From “one of the greatest Russian writers . . . perhaps the best novel about the generational divide between parents and children” (Russia Beyond).
This iconic Russian work of domestic fiction is thought to be the greatest literary achievement of nineteenth-century poet, playwright, and novelist Ivan Turgenev. Fathers and Sons shocked and divided readers when it was first published in 1862, as it is a penetrating portrayal of the disconnection between parents and children, conservatism and liberalism, change and the status quo.
Upon his return from college, Arkady Petrovich Kirsanov is barely recognizable to his father, for he has fallen under the spell of Bazarov, a self-proclaimed nihilist who rejects the traditional values of contemporary Russian society. Bazarov’s influence on the Kirsanov household in matters of politics and passion reflects the changes that took place across all of Russia during the nineteenth century.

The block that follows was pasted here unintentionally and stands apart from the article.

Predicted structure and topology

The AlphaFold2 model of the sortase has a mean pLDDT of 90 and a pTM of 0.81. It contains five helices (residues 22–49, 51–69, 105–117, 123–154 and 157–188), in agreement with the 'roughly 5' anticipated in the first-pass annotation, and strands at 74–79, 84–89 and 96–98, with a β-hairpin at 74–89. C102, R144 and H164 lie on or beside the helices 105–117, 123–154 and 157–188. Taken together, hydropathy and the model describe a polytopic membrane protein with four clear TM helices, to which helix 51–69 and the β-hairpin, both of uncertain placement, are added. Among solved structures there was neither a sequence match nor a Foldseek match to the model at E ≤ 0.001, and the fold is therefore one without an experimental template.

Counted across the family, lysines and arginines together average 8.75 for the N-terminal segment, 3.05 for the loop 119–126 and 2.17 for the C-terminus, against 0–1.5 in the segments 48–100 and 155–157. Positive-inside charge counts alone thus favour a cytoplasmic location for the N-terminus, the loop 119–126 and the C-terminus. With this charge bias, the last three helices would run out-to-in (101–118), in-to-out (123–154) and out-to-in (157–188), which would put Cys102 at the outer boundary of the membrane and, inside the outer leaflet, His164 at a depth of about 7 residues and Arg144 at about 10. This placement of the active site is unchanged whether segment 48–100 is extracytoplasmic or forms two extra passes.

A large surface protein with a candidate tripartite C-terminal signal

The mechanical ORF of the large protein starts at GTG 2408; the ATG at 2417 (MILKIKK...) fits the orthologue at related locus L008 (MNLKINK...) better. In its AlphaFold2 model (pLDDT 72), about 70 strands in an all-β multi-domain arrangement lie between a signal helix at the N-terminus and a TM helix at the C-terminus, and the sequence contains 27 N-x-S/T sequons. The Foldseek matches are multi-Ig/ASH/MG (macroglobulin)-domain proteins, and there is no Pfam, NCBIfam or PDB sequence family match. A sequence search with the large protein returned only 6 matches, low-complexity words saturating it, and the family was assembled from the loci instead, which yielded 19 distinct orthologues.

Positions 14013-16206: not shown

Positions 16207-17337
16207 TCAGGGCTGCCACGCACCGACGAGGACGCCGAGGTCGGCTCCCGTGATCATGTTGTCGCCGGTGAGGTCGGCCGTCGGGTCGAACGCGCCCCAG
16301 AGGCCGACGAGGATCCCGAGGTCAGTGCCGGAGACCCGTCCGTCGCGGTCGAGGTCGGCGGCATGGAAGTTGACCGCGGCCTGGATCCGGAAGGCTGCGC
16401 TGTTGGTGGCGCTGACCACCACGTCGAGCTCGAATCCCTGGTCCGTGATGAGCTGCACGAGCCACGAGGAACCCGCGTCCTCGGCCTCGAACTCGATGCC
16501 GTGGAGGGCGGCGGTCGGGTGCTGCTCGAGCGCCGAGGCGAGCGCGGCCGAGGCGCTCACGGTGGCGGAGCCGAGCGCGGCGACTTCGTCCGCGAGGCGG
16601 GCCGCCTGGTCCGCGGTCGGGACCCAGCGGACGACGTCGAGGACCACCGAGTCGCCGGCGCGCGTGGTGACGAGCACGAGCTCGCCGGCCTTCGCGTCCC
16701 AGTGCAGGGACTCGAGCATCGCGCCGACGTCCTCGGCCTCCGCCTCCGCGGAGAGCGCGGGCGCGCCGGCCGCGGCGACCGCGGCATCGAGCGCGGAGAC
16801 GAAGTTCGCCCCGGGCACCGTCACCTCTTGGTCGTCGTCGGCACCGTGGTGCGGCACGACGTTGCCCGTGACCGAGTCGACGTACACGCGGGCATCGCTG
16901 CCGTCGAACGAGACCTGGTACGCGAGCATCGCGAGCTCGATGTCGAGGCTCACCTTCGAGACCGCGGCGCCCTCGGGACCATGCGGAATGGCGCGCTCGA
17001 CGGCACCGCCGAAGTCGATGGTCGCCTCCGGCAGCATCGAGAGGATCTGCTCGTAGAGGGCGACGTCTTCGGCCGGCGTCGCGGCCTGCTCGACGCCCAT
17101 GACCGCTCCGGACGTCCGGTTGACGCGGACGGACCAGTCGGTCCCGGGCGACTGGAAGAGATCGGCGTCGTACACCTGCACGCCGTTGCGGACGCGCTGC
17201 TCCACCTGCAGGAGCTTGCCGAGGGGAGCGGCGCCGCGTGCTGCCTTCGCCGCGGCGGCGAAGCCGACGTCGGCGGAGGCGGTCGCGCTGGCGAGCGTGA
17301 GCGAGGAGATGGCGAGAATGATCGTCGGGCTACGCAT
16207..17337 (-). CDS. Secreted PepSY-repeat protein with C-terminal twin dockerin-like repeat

“A 200-page ravishing knockout of a book that explains just about everything you need to know about families, love, heartache, religion, duels and the institution of serfdom in 19th-century Russia, not to mention advice on how to seduce your housekeeper’s young daughter. In short, it’s a Russian masterpiece, one written so beautifully and with such economy, that when you finish reading it you feel a little shaken and a little stirred. A vodka martini on the front porch might be in order.” —Gary Shteyngart, NPR